Even though Brazilian telecom operators and financial institutions have not reached agreement about who should be responsible for each part of the mobile payment process, IT providers are working toward launching m-payment solutions.
Vendors are looking forward, developing solutions to be prepared for when demand arrives. Examples include German software giant SAP, whose Sybase 365 Mobile Services platform provides an architecture for m-banking, m-payment and m-commerce, and the HP and Nokia Siemens Networks (NSN) partnership, announced during this week’s Ciab—a conference and exposition focused on IT for financial institutions held in São Paulo.
There is no single explanation why m-payment has not taken off yet, but several factors indicate that until now there were no user-friendly applications or easily managed tools available. Security is another issue that stalls adoption, and it is critical that customers see the added value of this solution. For example, they might ask: why should they use m-payment if they have a credit card?
SAP, HP and NSN believe customers will switch from credit cards to mobile payment. Indeed, Pyramid Research has estimated that mobile commerce and mobile payment transactions will top hundreds of billions in coming years.
Informa Telecoms & Media pointed out that the gross value of global m-commerce transactions are estimated to grow from U.S.$106 billion in 2010 to more than U.S.$1,609 billion in 2016. And Juniper Research is predicting NFC payment transactions will reach nearly U.S.$50 billion globally by 2014.
Great numbers boost vendor ambitions to capitalize quickly on the fact that users are relying on their mobile devices to enhance their shopping experience. “To new generations mobile is the natural technology—and not an innovation. By 2015, we have a clear perspective that mobile banking will accelerate across emerging markets,” said CPM Braxis Capgemini’s Paulo Lessa Moreira during his lecture at the Ciab event.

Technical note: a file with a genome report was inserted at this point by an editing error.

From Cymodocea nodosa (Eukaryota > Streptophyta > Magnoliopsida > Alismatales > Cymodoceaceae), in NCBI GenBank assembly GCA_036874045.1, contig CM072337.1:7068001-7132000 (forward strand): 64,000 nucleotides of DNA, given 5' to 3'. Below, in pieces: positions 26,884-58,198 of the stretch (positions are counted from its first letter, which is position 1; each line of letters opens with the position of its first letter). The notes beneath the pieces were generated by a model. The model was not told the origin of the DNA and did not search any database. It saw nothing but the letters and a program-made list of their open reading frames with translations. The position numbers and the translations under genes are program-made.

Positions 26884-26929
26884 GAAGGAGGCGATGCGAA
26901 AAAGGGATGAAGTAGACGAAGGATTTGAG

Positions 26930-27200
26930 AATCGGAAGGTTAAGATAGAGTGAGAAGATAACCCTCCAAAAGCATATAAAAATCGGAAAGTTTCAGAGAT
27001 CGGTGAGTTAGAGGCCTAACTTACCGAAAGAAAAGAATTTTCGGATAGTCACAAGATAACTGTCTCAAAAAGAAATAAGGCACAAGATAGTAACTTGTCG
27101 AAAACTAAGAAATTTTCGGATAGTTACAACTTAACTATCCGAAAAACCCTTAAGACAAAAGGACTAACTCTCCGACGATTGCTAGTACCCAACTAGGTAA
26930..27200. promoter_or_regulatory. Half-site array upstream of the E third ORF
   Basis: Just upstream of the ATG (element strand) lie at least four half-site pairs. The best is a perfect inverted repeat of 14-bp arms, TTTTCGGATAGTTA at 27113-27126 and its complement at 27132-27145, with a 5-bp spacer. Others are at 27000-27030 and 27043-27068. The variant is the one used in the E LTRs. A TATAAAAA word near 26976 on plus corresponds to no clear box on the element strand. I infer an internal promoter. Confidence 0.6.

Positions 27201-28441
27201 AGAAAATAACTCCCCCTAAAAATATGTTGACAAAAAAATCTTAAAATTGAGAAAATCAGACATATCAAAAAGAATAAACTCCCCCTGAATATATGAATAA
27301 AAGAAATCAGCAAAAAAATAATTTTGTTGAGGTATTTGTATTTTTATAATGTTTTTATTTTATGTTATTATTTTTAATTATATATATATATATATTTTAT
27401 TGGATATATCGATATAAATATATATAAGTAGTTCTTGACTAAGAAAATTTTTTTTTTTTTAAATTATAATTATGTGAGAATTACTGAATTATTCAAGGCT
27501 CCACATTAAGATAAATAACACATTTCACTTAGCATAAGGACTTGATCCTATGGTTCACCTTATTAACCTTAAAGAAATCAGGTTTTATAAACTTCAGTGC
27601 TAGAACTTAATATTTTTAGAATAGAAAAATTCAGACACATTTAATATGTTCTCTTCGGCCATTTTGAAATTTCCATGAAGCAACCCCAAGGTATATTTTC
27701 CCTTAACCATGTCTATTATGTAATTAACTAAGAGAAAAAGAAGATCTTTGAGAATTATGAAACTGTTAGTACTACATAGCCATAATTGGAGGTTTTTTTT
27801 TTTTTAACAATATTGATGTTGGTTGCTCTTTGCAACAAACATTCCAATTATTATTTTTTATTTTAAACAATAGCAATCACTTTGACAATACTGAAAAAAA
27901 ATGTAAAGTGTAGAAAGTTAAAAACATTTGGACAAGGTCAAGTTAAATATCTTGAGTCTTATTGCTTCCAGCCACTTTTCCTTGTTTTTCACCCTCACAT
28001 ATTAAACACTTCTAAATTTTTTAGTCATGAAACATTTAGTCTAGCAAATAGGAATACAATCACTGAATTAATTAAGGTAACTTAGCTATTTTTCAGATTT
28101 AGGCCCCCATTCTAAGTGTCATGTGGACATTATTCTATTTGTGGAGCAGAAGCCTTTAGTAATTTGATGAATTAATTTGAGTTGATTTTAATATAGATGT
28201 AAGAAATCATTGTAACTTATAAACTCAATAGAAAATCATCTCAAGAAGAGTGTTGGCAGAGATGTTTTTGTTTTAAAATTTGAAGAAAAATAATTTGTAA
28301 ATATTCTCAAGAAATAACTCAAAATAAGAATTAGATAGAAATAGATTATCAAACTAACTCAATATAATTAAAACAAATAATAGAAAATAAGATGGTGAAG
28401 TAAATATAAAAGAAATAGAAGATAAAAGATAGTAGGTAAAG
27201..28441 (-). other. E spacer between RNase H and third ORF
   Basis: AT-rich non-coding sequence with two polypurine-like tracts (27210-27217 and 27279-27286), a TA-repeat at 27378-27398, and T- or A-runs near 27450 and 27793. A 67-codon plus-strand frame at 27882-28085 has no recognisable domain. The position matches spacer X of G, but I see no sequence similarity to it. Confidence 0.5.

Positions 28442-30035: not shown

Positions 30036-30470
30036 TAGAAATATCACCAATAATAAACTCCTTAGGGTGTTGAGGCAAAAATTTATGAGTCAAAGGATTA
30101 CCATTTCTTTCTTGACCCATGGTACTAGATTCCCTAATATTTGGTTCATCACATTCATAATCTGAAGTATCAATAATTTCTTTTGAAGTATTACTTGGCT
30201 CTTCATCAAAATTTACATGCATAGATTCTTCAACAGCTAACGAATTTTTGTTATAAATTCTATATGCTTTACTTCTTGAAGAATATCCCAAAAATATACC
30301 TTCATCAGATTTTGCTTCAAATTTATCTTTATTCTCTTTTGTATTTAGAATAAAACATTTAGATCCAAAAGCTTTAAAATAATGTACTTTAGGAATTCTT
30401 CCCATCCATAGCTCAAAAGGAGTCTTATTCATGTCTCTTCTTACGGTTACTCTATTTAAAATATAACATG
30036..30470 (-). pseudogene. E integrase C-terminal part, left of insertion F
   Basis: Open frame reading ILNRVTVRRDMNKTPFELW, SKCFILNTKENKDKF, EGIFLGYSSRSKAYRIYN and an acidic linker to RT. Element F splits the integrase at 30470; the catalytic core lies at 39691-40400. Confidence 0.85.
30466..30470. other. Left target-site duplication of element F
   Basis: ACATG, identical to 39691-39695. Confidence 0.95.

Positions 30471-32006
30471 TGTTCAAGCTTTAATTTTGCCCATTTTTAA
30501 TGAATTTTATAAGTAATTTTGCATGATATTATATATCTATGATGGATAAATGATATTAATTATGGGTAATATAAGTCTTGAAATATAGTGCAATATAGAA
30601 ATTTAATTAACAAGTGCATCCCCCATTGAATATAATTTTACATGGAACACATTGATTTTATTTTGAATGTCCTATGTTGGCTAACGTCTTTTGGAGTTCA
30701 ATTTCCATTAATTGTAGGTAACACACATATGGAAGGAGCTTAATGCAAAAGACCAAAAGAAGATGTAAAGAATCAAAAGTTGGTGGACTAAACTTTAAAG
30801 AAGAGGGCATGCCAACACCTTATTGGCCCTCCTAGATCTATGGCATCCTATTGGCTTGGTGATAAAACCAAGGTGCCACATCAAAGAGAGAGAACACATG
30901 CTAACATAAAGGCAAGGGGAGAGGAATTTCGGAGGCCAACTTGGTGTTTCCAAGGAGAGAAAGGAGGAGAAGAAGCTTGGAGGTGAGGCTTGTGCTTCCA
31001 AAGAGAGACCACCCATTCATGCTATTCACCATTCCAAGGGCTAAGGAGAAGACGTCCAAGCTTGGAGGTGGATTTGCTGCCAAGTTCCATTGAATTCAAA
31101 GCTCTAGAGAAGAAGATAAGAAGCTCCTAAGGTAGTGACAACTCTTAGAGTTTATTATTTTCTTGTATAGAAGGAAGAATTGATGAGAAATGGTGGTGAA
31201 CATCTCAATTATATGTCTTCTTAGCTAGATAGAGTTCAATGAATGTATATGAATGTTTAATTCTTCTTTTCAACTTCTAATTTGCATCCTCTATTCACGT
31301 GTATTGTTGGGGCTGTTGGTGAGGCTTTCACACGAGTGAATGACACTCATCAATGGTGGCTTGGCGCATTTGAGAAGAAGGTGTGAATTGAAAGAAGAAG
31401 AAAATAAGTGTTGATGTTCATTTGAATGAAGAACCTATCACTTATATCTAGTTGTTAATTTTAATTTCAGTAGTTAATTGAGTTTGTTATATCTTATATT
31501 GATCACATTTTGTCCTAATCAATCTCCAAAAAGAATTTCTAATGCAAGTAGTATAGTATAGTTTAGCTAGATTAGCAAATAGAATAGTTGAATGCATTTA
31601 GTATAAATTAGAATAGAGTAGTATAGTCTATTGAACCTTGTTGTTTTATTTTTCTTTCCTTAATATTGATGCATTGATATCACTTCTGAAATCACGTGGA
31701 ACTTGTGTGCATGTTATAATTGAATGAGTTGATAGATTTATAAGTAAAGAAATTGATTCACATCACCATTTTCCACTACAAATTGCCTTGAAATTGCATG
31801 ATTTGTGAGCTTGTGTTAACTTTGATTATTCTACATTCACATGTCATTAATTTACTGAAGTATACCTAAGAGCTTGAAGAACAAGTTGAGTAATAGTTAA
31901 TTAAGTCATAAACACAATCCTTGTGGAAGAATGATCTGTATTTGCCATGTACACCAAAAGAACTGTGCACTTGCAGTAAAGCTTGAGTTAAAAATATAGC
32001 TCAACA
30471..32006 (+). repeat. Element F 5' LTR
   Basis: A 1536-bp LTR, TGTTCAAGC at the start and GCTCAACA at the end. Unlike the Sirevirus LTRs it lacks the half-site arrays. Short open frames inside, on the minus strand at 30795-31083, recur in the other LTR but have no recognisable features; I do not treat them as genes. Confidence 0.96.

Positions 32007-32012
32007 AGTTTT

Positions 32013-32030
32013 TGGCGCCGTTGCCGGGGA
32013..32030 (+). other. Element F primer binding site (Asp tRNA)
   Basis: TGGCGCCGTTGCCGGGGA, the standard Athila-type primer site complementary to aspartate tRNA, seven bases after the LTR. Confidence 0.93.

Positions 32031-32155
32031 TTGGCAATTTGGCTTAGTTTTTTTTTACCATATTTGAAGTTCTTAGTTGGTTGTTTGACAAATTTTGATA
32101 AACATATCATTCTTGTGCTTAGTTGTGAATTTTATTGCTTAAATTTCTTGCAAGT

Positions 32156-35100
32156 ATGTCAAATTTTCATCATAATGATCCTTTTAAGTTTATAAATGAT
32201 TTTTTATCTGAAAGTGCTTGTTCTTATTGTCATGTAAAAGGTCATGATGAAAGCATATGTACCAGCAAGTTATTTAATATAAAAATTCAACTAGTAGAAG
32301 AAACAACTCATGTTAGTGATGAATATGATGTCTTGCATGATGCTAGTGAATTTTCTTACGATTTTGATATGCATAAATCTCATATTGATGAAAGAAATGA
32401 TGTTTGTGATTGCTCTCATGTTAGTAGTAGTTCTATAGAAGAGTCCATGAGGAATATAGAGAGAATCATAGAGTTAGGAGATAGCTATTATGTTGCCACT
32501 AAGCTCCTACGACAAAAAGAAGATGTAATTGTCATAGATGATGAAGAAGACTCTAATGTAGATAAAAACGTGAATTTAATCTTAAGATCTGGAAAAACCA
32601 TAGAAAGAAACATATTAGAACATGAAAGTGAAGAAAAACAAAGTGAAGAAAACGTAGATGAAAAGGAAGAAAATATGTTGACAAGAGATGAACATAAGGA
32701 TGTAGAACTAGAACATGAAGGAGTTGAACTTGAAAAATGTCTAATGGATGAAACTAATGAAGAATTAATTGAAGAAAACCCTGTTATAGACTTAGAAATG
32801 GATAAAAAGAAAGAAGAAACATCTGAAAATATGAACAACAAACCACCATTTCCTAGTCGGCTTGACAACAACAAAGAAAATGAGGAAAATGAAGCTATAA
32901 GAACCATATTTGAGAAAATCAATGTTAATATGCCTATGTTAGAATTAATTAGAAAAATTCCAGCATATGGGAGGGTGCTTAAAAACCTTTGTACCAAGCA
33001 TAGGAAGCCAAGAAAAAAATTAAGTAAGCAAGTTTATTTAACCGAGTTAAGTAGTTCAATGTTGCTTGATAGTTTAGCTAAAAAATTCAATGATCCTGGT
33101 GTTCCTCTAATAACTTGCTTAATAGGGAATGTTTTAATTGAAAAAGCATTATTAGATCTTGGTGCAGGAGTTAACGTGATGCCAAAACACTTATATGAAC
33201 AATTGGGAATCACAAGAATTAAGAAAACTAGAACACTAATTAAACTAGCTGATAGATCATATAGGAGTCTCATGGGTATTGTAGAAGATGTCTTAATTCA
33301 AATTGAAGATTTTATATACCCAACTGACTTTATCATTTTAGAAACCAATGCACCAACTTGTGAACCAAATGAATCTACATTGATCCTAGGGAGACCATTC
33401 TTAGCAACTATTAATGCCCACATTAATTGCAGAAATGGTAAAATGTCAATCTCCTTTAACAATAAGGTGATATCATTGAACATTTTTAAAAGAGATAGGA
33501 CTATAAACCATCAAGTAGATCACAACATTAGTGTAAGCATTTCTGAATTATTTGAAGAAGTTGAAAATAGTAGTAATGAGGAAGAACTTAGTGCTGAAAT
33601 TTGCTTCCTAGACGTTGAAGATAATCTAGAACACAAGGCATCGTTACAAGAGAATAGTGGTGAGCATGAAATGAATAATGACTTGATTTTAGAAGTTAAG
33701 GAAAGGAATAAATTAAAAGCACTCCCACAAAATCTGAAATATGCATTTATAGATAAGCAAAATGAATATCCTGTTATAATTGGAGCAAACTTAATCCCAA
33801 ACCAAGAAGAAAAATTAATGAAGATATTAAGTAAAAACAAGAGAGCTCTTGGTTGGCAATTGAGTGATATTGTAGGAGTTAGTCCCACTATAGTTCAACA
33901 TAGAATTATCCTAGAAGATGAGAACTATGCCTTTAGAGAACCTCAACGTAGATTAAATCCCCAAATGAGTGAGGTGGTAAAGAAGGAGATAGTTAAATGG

The increasing cellphone base (there were 254.95 million active mobile lines in Brazil in May, according to Anatel) is a turning point for the improvement of mobile financial applications. SAP’s vice president for banking in the Latin American region, Tonatiuh Barradas, noted that mobile technology will also help banks attract customers who do not have bank accounts. “It will give low-income people access to the financial system. Many low income people are much more familiar with cellphones than other sources, so it might be easier to attract them using a mobile platform,” Barradas told RCR Wireless.
Barradas said SAP has case studies in South Africa and some Asian countries. There are some prospects in Latin America as well. “In each Latam country I recently visited, there were three or four banks interested in our architecture,” he said.
HP and NSN are also optimists. Joaquim Silveira, sales diretor at HP Enterprise Services, said there is one player interested in acquiring their solution.
While in emerging countries, mobile banking and payment can include more people in the financial system, in developed nations, these platforms are focused on providing more valued services to current customers.
Under Brazilian laws, telecom companies cannot process financial transactions, and carriers and banks have not teamed up yet, which has been the biggest barrier for mobile payment development.
“I believe that collaboration will prevail. I do not think this business will be led by anyone, but I trust there will be a group of companies, and once they are partnered, they will drive the market,” said Barradas.
HP’s Silveira also noted that telecoms and banks will have to agree to make m-payment happen. “In addition to the huge amount of mobile active lines, the rise of the C-class has increased the potential market even more,” he said.
Gladson Russo, manager at NSN Latin America, said that there are new entrants in this market, such as Google, and if traditional players do not move quickly, they may lose market share. Russo believes the convergence toward a secure mobile wallet with different kind of personal data is the best solution.
The HP/NSN partnership is focused on the Brazilian market. They are going to the market together with HP focusing its strategy on banks and NSN eyeing telecom operators. “We are suggesting a solution to this market,” said Silveira.